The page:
GOLDSBORO, N.C. (WNCN) — Seymour Johnson Air Force Base made a wish come true Wednesday for one young cancer patient.
Seven-year-old Wilmington resident Alexis “Lexi” Chamberlain allowed her dad on board – and to get behind the controls of an F-15E Strike Eagle fighter jet.
The 334th Fighter Squadron hosted Lexi for a private mission to celebrate her remission. Lexi was diagnosed with type B acute lymphoid leukemia on July 21, 2016, her mother Ashley Williams said.
She began treatment immediately and was airlifted from New Hanover Regional Medical Center to UNC Hospital and spent two weeks there and underwent many chemotherapy treatments. Another biopsy a few months later found her to be in remission. Her mom says Lexi is still doing weekly chemo treatments, and starting in the spring, she will start monthly treatments through October 2018.
“It’s been rocky roads lately, so this has definitely been a sunny day despite the rain and all,” said Allen Williams, Lexi’s father.
The squadron gave Lexi the pilot name “Crusher” for crushing her chemo treatments. She was also able to tour the control tower and aircraft.
The commander presented her with pilot wings.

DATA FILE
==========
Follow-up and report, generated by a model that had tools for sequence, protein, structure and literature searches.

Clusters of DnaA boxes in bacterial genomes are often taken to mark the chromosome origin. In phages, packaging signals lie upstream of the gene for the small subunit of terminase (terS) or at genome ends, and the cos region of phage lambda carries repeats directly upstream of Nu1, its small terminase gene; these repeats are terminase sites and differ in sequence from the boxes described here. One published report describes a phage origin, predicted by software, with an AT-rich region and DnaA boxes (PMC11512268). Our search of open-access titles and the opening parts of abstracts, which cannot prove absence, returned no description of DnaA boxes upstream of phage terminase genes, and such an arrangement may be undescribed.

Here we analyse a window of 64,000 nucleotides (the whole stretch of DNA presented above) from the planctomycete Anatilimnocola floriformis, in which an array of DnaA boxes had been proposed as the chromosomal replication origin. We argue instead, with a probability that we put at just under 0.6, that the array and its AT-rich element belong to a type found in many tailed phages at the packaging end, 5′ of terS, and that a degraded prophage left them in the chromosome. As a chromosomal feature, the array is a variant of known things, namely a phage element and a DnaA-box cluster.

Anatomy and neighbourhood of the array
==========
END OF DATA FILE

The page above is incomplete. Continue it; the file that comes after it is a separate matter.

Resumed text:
“Hopefully it creates a good memory for her, and selfishly I think it’s a little more rewarding for us in the squadron,” said Capt. Jonathan Martin.
Some of the airmen who took Lexi on her tour had combat experience in the Middle East, but said they aspire to have her courage. Some said they’ve never been through anything as scary as what Lexi has gone through.
“We’re trained for that. I don’t think anybody’s trained to handle a situation like Crusher has,” Capt. Andy Lawler said.
Members of the squadron said Lexi has the fighting spirit of a warrior.
“It’s easy to get kind of bogged down, and when you see a young child like Crusher and some of the bravery and courage, it’s just a reminder of what you go to work for every day,” Capt. Martin said.
One day with the 334th Fighter Squadron was enough for Lexi.
“Think you might be a pilot one day?” her dad asked.
Lexi shook her head no and said “Hm-mm.” So that’s a no.
Lexi is just the second “Pilot For a Day” in several years at Seymour Johnson.
Base staff said they hope to hose these events more regularly for other sick children.